Sunday, October 14, 2007

Learn PHP In 5 Minutes

Maybe you've noticed a theme in some of my blog posts, the idea of switching back and forth between languages, or quickly transitioning from one language to another.

Recently, I found myself writing some PHP code after a long stretch of doing nothing but Perl, Python, and Javascript. I decided to make it more challenging by writing the syntax from hazy, long-ago memory, and only looking anything up after the fact, to fix the syntax errors. That experience reinforced my feeling ever since Perl came out, that every recent language can be thought of as a series of small deltas to existing languages. (C'mon, don't tell me you didn't look at the little-used report format of Perl, and say to yourself "hey, this is straight out of COBOL!" :-)

So, here's my 5-minute quickstart for PHP. (No APIs, just basic language features.)

Semicolons are mandatory as in Perl, not optional as in Javascript.

Inclusion is via the 'require' keyword, or 'require_once' if everything is requiring everything else. What goes in the included files is flexible as in C and Perl.

Variables are done like Perl, introduced by $. Unlike Perl, arrays and hashes are also notated with $, no @ or % to be found. All subscripts are square brackets.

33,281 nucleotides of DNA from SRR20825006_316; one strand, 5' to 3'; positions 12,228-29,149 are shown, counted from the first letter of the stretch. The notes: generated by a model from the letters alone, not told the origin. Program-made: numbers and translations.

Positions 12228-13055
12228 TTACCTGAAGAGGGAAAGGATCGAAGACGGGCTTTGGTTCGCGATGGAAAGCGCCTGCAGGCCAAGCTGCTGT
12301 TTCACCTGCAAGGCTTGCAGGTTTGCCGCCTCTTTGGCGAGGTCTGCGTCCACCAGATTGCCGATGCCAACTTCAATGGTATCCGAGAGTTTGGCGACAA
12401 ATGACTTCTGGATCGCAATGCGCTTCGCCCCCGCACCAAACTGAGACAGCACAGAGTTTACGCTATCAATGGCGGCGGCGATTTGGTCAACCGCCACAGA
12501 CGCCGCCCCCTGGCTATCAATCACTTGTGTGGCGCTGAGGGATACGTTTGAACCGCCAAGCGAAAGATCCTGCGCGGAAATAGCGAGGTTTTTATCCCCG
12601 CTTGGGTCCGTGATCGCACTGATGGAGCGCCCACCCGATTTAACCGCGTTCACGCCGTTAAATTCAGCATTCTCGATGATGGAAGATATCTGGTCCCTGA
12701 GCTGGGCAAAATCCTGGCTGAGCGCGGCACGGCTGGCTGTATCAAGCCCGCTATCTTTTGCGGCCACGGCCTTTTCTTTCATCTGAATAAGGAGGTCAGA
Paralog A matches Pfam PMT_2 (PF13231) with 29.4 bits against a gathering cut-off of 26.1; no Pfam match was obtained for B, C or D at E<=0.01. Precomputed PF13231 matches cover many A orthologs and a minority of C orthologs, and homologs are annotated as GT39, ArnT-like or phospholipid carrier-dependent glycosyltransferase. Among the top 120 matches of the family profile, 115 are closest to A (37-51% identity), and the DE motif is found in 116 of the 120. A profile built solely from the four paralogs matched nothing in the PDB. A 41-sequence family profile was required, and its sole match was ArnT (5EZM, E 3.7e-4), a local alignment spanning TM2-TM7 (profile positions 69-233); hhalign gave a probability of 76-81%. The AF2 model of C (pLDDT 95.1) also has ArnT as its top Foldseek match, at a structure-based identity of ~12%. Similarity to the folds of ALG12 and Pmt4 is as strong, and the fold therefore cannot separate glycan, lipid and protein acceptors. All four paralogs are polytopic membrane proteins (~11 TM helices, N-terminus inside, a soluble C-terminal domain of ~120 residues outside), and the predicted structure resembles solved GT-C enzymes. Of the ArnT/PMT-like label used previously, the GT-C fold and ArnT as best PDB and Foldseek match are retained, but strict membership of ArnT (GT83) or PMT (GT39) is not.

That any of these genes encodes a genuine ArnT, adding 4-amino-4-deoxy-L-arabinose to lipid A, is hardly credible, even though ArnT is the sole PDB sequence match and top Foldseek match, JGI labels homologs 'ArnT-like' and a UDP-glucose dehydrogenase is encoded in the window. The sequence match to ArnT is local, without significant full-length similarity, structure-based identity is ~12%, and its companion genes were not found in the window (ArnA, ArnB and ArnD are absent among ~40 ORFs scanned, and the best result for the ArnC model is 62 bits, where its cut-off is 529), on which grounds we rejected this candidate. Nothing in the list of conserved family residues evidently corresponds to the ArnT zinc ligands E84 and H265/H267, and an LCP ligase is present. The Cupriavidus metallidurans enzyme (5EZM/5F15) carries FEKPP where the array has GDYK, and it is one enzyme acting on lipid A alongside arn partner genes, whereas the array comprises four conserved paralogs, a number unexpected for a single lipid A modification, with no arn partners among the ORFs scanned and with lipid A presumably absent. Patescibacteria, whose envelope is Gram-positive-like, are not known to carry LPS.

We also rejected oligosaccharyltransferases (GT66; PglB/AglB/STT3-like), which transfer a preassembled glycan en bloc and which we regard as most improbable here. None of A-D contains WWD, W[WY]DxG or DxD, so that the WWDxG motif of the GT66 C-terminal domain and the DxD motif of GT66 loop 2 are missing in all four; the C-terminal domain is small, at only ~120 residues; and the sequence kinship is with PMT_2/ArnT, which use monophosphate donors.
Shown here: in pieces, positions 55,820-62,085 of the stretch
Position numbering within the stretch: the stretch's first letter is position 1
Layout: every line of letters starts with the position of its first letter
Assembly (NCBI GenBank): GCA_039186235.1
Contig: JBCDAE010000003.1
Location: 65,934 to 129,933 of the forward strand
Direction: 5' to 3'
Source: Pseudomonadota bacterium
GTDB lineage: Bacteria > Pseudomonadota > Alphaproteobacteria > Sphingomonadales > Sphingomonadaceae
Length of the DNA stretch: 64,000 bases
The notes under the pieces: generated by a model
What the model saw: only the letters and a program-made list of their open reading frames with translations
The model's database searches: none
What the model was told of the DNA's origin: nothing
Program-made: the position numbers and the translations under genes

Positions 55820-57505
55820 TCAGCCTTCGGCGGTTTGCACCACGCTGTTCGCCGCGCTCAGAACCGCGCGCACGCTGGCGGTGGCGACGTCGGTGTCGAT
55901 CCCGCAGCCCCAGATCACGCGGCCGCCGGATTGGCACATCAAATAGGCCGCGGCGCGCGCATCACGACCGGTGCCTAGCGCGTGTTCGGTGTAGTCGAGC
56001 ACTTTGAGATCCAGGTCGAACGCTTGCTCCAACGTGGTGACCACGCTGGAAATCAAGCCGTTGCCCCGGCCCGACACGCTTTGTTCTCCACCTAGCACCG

If, braces, for, while, arithmetic, etc. are like C, C++, Java, and Javascript. No "elsif", it's "else if". Comparison operators are == et. al.

Just to confuse you, HERE documents are introduced by a <<<, 3 instead of 2 like normal. There's a semicolon after the final HERE / EOF / END / etc., but none on the initial line.

Output is largely echo as in shell scripts. Variable interpolation the same as shell scripts and Perl, i.e., the meaning of double quotes and single quotes. String concatenation is . like in Perl, not + like in Javascript. (Use + with strings and you'll get a numeric 0 result.)

Ternary conditions require more quoting than in Javascript, if you're used to stringing together several object-detection tests in a single assignment statement.

Comments are a mishmash of several languages. /* */ like everything except Perl, // like Javascript, # like Perl.

Functions are introduced with the 'function' keyword, and parameters are named (including the $) but not typed. E.g. 'function myfunc($myparm) {...}'.

And that's it. Regular expressions, the other interesting aspect of most language syntax, are done with function-style notation, so on a technicality I don't consider them part of the 5-minute tour.

1 comment:

Noons said...

"every recent language can be thought of as a series of small deltas to existing languages"

interesting thought.

and quite true, IMHE.